Testing with RSpec

Posted by Julee117 on May 2, 2018

Testing is one of the things that I will be working on while building new apps to further my skills as a developer. I have read in many blogs that it is perceived writing tests takes too much time. However, it is helpful in verifying our codes function as intended. We also gain time by not having to manually check our codes.

Test-Driven-Development uses a red, green, refactor approach which is:

  • Red – Write a test that fails
  • Green - Write a code that passes the test
  • Refactor - When the test pass, clean up the code

Setting Up RSpec

First add the gem to your Gemfile:

gem ‘rspec-rails’

Add a spec folder:

bundle install 
bundle exec rails g rspec:install 

Basic Syntax

describe is RSpec’s unit of organization and gathers together several it blocks into a single unit. describe and it take strings as arguments. For describe, use the name of the method you are testing. Use “.” when testing a class method and “#” when testing an instance method. describe can also take a constant that is the name of the class or model you are testing.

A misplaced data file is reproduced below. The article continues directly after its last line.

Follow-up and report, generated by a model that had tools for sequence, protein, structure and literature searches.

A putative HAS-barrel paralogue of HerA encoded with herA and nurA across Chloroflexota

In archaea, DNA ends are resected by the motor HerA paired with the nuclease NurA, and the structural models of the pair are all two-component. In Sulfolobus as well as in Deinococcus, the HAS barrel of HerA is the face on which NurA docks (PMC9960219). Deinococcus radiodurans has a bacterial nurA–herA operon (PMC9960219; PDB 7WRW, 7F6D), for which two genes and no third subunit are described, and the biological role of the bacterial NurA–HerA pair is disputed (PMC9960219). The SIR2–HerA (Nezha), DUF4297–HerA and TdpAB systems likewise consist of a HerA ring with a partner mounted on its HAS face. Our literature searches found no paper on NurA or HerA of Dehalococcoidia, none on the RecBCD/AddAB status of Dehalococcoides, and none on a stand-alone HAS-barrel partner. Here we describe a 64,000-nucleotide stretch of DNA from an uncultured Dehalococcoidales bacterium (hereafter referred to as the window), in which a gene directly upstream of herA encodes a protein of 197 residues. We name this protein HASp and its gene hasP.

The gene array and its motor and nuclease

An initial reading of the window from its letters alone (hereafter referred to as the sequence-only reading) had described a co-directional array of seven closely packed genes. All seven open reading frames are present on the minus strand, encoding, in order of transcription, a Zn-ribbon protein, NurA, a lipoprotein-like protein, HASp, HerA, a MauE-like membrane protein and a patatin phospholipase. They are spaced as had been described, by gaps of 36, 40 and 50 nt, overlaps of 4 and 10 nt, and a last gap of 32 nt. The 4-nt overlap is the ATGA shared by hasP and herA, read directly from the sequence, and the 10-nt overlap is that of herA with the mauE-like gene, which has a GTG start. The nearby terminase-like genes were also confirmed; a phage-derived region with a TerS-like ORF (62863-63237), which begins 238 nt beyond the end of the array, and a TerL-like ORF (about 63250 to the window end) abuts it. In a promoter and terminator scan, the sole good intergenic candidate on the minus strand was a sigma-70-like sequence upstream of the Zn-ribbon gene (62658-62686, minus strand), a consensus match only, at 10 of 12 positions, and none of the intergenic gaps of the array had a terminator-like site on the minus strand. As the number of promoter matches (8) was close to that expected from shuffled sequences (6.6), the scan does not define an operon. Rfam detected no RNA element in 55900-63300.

describe Student do 
  describe ".student_class_method" do 
  describe "#student_instance_method" do 

For it, you describe the behavior you are testing.

expect() matches between the value your code returns and the expected value.

describe "hello" do 
  it "says hello" do
    expect(hello).to eq("Hello!")

context is an alias method of describe. They both group related tests together. context names should explain why or when a user would call the method.

describe "#new" do 
  contect "when logged in" do 

let is a standard helper method that takes a symbol and a block. It is not evaluated until the method is run for the first time. It also does not persist state so the same value is returned when the method is invoked within the same scope. Every it is a different scope so let does not persist state between them.

describe “Dog” do 
  let(:dog) { Dog.new(“Cooper”)}

  describe “name” do 
    it “returns a new name” do 
      dog.name = “Benji” 
      expect(dog.name).to eq(“Benji”)

    it “returns original value” do 
      expect(dog.name).to eq(“Cooper”)

There is much more to RSpec than this. Further information can be found in RSpec docs.